As today is January 1st, I pay my annual homage to those innocent black men, women and children who were killed during the first week of January in 1923 by angry white mobs in Rosewood, Florida.
Rosewood, a rural township located in Levy County near Gainesville, was a thriving and self-contained black community. Many of the black men in the area worked in the lumber industry chopping wood or extracting turpentine, while many black women served as domestic workers for nearby white families.
The Rosewood Massacre, like many others across the South and Midwest, was the result of white males savagely killing blacks based upon the lies of a white woman claiming to have been raped by a black man. In this particular instance, Fannie Taylor, a 22-year-old married white woman, reportedly was involved in an affair with a white male who beat her bloody after a dalliance. Fearing what her husband John Taylor, a white lumber worker, would do, Taylor concocted a lie that would lead to mass murder.
(Headlines and actual pictures from the Rosewood Massacre)
Based upon Taylor’s lies, the white mobs grew as the malevolent minions soon shot, hanged and burned blacks who had the misfortune of not fleeing. In the span of one week, Rosewood ceased to exist; when the State of Florida compensated Rosewood victims in the mid-90s, the death toll was estimated at fewer than 10, but eyewitness accounts at the time–covered differently by white owned media and black owned media–estimated the white mobs in the hundreds and the death toll at anywhere from 26 to 150 victims. The white media, including the Associated Press and regional newspapers like the Miami Herald and Florida Times-Union, purveyed lies or “fake news” by calling the events in Rosewood a “Race War” or by initially focusing on “Armed Black Mobs,” as if those black men who chose to defend themselves were the cause as opposed to the effect of white lynch mob violence. According to historian Thomas Dye, “(T)he idea that blacks in Rosewood had taken up arms against the white race was unthinkable in the Deep South.”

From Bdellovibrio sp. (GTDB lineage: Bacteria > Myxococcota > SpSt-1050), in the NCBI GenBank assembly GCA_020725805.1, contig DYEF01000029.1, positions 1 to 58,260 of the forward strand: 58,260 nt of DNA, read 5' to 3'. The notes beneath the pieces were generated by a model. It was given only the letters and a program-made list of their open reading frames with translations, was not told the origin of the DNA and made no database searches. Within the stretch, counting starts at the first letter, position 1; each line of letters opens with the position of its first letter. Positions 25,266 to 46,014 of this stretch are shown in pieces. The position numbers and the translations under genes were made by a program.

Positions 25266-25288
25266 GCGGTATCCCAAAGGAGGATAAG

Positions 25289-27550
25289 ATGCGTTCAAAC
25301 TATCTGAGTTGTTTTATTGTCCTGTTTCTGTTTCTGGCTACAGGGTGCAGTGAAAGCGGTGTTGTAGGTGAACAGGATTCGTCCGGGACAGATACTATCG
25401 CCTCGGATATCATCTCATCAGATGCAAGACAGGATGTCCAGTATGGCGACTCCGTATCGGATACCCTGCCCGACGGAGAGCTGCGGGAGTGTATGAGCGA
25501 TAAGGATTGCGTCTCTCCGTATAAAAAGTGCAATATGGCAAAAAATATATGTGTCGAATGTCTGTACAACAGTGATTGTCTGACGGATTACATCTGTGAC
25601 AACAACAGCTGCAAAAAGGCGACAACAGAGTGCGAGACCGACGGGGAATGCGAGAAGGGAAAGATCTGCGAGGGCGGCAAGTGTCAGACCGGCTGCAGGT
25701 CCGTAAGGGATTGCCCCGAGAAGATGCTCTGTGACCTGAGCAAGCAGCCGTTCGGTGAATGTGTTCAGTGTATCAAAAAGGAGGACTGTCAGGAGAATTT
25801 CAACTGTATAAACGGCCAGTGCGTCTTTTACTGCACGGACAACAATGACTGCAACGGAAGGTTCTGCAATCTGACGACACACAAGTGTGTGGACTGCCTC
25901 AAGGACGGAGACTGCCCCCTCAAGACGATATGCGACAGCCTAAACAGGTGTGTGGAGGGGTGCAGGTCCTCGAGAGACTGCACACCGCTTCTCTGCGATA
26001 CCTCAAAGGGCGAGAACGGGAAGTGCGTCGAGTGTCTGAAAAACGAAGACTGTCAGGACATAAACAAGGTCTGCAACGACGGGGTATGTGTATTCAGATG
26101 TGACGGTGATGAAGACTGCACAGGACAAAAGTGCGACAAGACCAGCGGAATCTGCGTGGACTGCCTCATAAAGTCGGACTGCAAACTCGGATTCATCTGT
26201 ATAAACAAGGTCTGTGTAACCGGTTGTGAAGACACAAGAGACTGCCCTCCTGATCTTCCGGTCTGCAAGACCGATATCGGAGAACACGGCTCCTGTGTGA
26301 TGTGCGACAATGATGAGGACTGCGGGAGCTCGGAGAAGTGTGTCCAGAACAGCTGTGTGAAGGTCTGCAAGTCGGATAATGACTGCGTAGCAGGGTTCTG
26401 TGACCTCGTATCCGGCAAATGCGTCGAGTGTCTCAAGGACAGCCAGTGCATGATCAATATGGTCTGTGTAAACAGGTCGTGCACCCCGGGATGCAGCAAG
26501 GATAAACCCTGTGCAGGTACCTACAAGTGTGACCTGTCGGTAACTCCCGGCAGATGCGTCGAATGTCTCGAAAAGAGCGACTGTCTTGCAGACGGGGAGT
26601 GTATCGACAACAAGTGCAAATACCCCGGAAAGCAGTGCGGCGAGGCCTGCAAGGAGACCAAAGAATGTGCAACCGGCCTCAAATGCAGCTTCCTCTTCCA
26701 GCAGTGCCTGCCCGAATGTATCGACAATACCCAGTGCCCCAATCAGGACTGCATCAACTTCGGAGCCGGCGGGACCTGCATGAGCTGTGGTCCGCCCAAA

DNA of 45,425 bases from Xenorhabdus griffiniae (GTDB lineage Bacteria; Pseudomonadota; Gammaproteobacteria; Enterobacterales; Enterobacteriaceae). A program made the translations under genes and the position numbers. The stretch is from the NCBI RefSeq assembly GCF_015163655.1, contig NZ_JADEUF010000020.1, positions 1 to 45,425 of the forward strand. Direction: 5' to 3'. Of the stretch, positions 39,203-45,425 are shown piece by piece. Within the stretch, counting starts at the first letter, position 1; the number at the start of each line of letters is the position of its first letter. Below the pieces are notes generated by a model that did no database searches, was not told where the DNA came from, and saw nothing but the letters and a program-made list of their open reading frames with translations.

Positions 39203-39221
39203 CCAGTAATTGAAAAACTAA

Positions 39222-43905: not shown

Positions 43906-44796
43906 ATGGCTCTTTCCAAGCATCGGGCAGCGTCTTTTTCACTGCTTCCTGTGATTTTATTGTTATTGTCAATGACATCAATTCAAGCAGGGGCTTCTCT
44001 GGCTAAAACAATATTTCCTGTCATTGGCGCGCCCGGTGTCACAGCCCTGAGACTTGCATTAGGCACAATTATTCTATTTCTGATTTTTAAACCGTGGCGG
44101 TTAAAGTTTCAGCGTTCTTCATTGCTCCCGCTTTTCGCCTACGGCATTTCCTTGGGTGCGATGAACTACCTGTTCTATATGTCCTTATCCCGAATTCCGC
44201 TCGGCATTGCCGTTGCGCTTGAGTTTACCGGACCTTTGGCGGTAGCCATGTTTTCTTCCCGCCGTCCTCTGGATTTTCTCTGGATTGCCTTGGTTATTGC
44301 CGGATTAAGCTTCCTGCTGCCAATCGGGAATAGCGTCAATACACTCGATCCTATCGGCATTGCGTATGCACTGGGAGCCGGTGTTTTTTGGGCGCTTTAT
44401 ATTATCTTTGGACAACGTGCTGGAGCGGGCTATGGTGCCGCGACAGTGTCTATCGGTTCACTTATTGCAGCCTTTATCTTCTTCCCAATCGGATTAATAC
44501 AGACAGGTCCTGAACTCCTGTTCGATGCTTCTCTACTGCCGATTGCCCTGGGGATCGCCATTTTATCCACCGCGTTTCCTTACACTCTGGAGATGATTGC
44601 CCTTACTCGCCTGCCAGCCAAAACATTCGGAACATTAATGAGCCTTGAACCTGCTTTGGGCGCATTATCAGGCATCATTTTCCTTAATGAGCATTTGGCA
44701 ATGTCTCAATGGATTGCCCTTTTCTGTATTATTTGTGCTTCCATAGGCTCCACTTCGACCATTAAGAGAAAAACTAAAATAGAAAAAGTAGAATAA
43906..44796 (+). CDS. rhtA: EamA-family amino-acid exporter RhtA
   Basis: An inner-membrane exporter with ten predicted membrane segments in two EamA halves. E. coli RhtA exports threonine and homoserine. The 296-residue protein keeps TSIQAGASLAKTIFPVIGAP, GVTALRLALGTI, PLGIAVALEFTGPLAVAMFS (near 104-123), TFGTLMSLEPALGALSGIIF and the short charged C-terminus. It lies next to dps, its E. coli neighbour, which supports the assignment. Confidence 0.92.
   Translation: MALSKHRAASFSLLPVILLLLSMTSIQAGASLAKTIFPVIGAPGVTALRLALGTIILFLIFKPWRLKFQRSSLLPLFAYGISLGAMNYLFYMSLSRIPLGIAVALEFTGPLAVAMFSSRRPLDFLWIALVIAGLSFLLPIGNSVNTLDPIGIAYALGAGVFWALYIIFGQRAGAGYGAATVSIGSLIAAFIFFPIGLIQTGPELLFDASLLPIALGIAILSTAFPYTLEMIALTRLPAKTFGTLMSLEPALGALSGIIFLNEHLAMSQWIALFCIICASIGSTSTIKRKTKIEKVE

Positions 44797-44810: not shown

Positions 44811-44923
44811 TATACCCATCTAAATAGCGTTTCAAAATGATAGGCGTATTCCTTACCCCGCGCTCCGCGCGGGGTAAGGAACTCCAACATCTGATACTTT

As the embers slowly burned out in Rosewood, by the end of the first week of January 1923, every single black home and business was razed to the ground. And while the State of Florida did provide some compensation seven full decades later, the property that was owned by blacks was soon sold off by the local government to white families and not restored to its original owners or their descendants.
On a personal note, my paternal grandmother, Arilla Jones Hobbs, and her family lived only a very short distance from the macabre scene in Levy County in adjacent Dixie County, Florida. While my grandmother had no personal memory of the event, she certainly was made aware of it by her father, Bahamian immigrant D.K. Jones, a lumber worker, and her mother, Minnie Lee Mitchell Jones, a domestic worker at the nearby Putnam Lodge hotel.
(My grandmother, Arilla Hobbs, is the second little girl from the left shown here holding a white doll while standing in front of my great-grandfather, D.K. Jones)
My grandmother, who died in 2000, as did my parents and teachers who grew up in Jim Crow Florida, made sure to pass on reminders that in America, the one that some current Americans long to “make great again,” was never great to begin with for black people who knew that well into the 1960s, that white mob violence could lead to the loss of life, property and salubrity for black citizens merely desiring “life, liberty, and the pursuit of happiness.”
Lest we forget!